Cracking Stuff, 10 August 2008

*** This review may contain spoilers ***

Before Alan Sugar there was J.R. Ewing and before that there was Sir John Wilder.

As a teenager in the sixties I remember this was the series that everybody was talking about at coffee break the next morning. Yes, it's stuck in a studio pretty much and I don't pretend that I quite understood all the talk about balance sheets but I was still hooked by it.

A terrific ensemble cast with early roles for people like George Sewell and Ian Holm. Dominating everything, however, was Patrick Whymark's portrayal of tycoon John Wilder. Completely mesmerising and compelling. I genuinely believe that had it not been for his early death he would have gone on to be one of the great actors of his time. A sad loss indeed.

The boxed set is now out of all three series an I recommend it.

12 out of 20 people found the following review useful:
Disappointing, 14 June 2008

*** This review may contain spoilers ***

I remember when this first came out I thought "Wonderful. Kirk and Picard in the same movie" Sadly, I was disappointed. Don't get me wrong, it's not that it's bad. It just could have been so much better. It feels like Star Trek - The Understairs Cupboard Clearout. Don't need Kirk any more so we'll kill him off. Enterprise D? We'll get a new ship. And there's the Duras sisters lurking at the back. We certainly won't want those any more.

Kirk's role is so short lived it was hardly worth bringing him back (and watching Shatner waddle around makes me think they should have called the film Star Trek 7 - The Search for Kirk's Waistline). As for Kirk's death scene that was just an insult. Falling off a bridge. It's what I'd do, not a space legend (still don't know why there's an iron bridge on an uninhabited planet)

There's also an irrelevant subplot featuring Data and his emotion chip, though Data's life form song is a great moment.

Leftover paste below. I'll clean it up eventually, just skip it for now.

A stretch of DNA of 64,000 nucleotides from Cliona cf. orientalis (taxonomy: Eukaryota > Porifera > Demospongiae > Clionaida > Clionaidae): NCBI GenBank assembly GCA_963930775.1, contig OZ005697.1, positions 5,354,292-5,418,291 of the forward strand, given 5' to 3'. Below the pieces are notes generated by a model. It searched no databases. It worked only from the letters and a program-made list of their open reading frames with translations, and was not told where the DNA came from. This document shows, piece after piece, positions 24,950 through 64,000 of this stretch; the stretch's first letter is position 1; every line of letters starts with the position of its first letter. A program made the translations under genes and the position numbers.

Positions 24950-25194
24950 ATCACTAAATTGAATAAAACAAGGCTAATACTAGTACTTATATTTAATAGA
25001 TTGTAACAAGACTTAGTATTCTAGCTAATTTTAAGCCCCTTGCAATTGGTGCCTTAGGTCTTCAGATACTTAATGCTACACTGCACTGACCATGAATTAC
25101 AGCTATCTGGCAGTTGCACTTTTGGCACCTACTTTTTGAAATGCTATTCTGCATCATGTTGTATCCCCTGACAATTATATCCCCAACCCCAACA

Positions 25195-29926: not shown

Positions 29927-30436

Overall, a wasted opportunity

33 out of 44 people found the following review useful:
Unbelievably awful, 6 October 2007

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This was truly terrible. What were they thinking of? The dreadful clichéd chirpy cockney maid who suddenly becomes the sleuth while Miss Marple stands watching, some absurd Nazi sub-plot completely changing the Canon Pennyfarther character entirely, never mind the pointless inclusion of Louis Armstrong - Why? A lacklustre cast that gave every impression of wanting to be back home as soon as possible. Polly Walker just updated her role from Rome and I suppose Peter Davison fancied playing the bad guy for a change.

I suppose that I can't help comparing these to the the definitive portrayal of Miss Marple by Joan Hickson. If you get the chance to see these versions, treat yourself.

One more thing. In postwar Britain couples did not go around declaring their intention of living together. Not unless they wanted to be totally ostracised. Sloppy writing

3 out of 12 people found the following review useful:
Oh dear, 24 June 2007

*** This review may contain spoilers ***

I've always been a fan of Midsomer Murders but here the law of diminishing returns seems to have started. The conflict between digital cameras and film was just plain stupid (would anyone care enough to get so worked up?) and the cop who took over from Barnaby was a ludicrous 80s cliché. Maybe I missed something but I thought he was an Inspector. Not that I know anything about police procedure but I would have thought that you would have to be a higher rank to throw a Chief Inspector off the case. The biggest disappointment was Lisa Goddard. I remember the fizzing chemistry between her and Nettles in the old Bergerac days and I was looking forward to seeing that again. Instead she turned up in the final scene as some hopeless, pointless OTT character. Do you really need the money that much, Lisa? Still, on the plus side, at least Joyce got more to do than make jam this time. Jane Wymark must have been in more scenes than in the last ten episodes put together.